Commentary (Kuban): Prostate-Specific Antigen as a Marker of Disease Activity in Prostate Cancer

August 1, 2002

The authors present an excellent review of prostate-specific antigen (PSA), bringing us up to date on the large body of information that has been collected since this marker came into clinical use in the mid-1980s. It is hard to believe that we have had this tool for nearly 20 years. Much has been learned.

The authors present an excellent review of prostate-specific antigen (PSA), bringing us up to date on the large body of information that has been collected since this marker came into clinical use in the mid-1980s. It is hard to believe that we have had this tool for nearly 20 years. Much has been learned.

An Invaluable Tool

We have become more knowledgeable about this serum protein in terms of laboratory assay standardization, reference ranges based on patient age, and its utility as a screening tool. At our institution, the percentage of patients with prostate cancer diagnosed solely by serum PSA-prompted biopsy (T1c) has steadily increased from 6% in 1989 to 50% in 2000. At community hospitals, which are not tertiary referral centers, this percentage may be even higher. Although many authors have questioned how many of these tumors would have been insignificant and non-life-threatening had they never been diagnosed, the latest statistics show that prostate cancer mortality rates have been decreasing by 4% each year since 1994.[1]

A recent review of our stage T1c patient group, in fact, shows a heterogeneous mixture of tumor histology and PSA levels. High-grade disease is present in 30% to 40% of patients (Gleason score 7-10), and 36% would not be considered low risk by PSA level (> 10 ng/mL). The assumption, therefore, that PSA screening is only as useful as treating the earliest stage and least aggressive tumors would seem to be erroneous based on analyses such as this. No doubt the screening controversy will continue among physicians, but patients have already been convinced of its utility. Public awareness has put PSA on the tip of every man’s tongue.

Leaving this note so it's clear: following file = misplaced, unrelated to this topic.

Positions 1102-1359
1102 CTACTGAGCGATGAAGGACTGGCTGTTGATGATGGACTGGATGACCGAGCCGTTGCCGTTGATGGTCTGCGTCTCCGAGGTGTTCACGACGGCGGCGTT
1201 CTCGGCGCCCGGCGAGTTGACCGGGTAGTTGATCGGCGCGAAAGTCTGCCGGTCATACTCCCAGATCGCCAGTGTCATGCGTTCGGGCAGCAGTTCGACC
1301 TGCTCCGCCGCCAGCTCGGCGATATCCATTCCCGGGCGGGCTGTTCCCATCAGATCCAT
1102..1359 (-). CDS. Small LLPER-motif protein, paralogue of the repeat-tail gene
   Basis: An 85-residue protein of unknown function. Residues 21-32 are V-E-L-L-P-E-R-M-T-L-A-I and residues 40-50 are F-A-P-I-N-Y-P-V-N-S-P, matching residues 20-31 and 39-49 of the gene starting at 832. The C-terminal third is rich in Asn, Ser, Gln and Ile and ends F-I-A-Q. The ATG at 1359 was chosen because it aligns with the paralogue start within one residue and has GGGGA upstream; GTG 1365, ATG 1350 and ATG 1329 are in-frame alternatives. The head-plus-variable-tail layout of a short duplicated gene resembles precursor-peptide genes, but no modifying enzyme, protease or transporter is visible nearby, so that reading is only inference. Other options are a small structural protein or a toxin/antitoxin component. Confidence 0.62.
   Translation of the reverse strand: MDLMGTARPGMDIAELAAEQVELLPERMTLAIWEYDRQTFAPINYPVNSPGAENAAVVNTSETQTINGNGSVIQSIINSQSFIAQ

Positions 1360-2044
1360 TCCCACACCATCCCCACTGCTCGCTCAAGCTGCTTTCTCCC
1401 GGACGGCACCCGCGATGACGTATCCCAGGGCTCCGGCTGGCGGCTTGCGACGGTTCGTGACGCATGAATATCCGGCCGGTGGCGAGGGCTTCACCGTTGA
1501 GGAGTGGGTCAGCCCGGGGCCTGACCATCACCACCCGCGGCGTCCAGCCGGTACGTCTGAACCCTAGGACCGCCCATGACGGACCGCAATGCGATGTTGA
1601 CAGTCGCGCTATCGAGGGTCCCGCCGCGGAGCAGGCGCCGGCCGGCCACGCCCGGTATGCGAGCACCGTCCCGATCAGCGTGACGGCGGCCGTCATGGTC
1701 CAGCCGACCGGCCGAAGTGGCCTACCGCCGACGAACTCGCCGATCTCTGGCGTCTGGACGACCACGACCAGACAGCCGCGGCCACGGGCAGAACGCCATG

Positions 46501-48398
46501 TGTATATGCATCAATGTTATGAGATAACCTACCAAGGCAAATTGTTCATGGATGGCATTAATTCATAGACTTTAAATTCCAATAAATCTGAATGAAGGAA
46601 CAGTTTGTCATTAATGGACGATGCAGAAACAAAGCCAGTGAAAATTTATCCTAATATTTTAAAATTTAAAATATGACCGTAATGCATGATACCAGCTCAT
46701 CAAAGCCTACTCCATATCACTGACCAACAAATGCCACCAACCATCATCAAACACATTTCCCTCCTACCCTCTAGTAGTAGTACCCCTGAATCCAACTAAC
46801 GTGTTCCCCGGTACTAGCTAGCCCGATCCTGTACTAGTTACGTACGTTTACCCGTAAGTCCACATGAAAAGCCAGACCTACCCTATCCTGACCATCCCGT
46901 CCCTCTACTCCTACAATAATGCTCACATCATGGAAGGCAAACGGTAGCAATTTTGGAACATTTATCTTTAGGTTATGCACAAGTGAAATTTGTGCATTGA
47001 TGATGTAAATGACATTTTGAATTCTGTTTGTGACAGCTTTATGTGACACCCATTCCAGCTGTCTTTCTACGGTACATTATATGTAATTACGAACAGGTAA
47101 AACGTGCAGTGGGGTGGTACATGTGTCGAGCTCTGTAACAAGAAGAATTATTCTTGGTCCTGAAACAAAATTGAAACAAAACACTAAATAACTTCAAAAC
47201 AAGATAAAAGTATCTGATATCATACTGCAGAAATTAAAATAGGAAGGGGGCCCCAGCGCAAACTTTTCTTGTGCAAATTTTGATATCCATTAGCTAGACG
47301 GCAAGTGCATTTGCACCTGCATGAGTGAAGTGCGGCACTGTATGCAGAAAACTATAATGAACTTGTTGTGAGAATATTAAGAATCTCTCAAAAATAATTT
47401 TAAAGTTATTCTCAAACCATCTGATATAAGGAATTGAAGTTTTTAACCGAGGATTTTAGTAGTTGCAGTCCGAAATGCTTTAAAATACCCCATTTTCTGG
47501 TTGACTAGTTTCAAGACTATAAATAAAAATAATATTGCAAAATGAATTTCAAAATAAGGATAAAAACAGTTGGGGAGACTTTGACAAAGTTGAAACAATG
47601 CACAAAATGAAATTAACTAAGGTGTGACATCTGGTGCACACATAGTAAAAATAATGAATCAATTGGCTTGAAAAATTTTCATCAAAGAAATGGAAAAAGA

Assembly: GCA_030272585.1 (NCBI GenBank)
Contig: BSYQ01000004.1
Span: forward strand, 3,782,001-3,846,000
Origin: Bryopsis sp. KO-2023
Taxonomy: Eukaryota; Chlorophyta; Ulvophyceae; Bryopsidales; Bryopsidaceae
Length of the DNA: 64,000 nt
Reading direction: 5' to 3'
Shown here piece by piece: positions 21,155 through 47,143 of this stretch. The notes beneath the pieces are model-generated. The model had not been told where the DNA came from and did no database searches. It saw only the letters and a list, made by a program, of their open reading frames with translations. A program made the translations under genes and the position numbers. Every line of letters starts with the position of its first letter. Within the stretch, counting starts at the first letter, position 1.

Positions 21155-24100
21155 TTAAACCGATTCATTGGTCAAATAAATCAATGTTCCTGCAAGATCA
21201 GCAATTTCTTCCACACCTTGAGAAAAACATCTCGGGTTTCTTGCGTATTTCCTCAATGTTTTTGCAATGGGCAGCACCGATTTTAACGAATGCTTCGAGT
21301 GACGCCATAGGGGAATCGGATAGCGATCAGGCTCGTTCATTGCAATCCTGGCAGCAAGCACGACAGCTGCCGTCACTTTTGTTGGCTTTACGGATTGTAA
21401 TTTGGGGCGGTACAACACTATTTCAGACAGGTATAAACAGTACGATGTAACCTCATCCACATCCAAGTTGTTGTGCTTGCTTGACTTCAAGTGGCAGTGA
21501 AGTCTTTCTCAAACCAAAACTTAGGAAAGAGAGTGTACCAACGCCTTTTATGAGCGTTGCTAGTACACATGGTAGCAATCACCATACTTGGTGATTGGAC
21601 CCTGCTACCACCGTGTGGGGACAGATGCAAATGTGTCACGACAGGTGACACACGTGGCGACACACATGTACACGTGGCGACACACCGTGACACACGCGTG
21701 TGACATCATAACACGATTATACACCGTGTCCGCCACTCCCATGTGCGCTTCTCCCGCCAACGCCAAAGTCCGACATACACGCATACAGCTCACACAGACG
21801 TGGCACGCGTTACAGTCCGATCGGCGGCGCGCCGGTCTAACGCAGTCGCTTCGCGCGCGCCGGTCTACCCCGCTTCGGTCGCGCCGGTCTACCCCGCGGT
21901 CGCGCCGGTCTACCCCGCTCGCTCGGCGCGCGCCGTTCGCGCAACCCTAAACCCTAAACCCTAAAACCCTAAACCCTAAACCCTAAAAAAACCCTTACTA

We have found PSA to be an invaluable tool in estimating tumor volume and the risk of local and distant spread and, therefore, outcome after therapy. It has gone a long way to level the playing field when comparing different therapeutic modalities. Likewise, PSA doubling time has served to predict the aggressiveness of the disease, both before and after treatment.

Important Lessons Learned

We have become more experienced in our use of PSA as a marker after various modality therapies, realizing that, in each situation, "normal" is actually unique and must be acceptably defined. Consensus on the definition of treatment failure using PSA criteria is still evolving, especially in evaluating patients after radiation. Over the last several years, as the PSA era continues and we acquire ever-longer follow-up after therapy, important lessons have been learned.

Establishing a PSA level that indicates treatment success vs failure has become much more straightforward for prostatectomy as compared to radiation. Because the prostate is totally removed by the former procedure, any detectable PSA-after accounting for female levels and any small amount of glandular tissue that might remain after surgery-is considered abnormal, and any rise in PSA level signals recurrent disease.

Defining Postirradiation Cure

Defining recurrence after radiation therapy is a bit more tricky. Normal prostate tissue with the capacity (albeit reduced) for producing PSA remains in place. Therefore, a measurable amount of PSA nearly always remains, although it seems to vary slightly between individual patients. The question of how low the PSA level must drop before a patient is considered cured has been hotly debated.[2] Data to address this issue were compiled, and a Consensus Conference convened several years ago.[3] From this conference came the first attempt at a standard definition of failure and a multi-institutional pooled analysis, which demonstrated outcome after irradiation using these parameters.[4]